Protecting the ones you love and making sure that your end of life wishes remain clearly stated are important parts of creating a will. If you've already taken the step of making a will, then you are well ahead of many Americans who continue to put it off. Some of them will wait too long and never get around to crafting a will, leaving a mess for their survivors to sort through while they simultaneously cope with the loss of their loved one. Fortunately, if you already have a will, then you don't have to worry about that nearly as much.
However, a will is only as useful as it is accurate. If you change your mind later on about something that you put into the will, then you should certainly take the time to amend it and make sure that your wishes remain clear.
Similarly, if you or your family experience any of a number of important life milestones, it may require updating your will. If left unchanged for too long, the contents of the will may not relate very clearly to your estate or to your heirs.
When do you need to update a will?
A will is basically a set of instructions, to put it in very simple terms. These instructions can create conflicts easily if they no longer match the circumstances and estate of the will creator.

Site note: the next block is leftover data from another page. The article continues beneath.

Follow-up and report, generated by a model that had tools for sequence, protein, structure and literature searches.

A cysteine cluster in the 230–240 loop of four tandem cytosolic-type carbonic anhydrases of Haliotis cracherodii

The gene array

For instance, let's say you are a 45-year-old family man with a wife, two daughters and a son. You work for an industrial company and own a home on five acres of land. You create your will based on these factors.
However, by the time you pass away, you've divorced, remarried, seen your children marry, and you have several grandchildren. Not only that, but you've sold the house on the land and moved to a smaller home.
If your family attempts to apply your will's stated wishes, it may cause great confusion and conflict, eating up resources and creating infighting in the family.
It is wise to review and update your will roughly every five years, or anytime that you experience significant life changes, such as
- marriage or divorce of a beneficiary
- death, birth or addition of a beneficiary
- significant changes in your assets, like buying or selling a house or business
- significant financial gains or losses
Get the help you need to protect the ones you love
It is always wise to review and update your will with the guidance of an experienced attorney. Not only does an attorney help you ensure that you address all the important issues in a will, he or she can keep you informed of changes in federal or state law that may affect your will, and help you update it accordingly.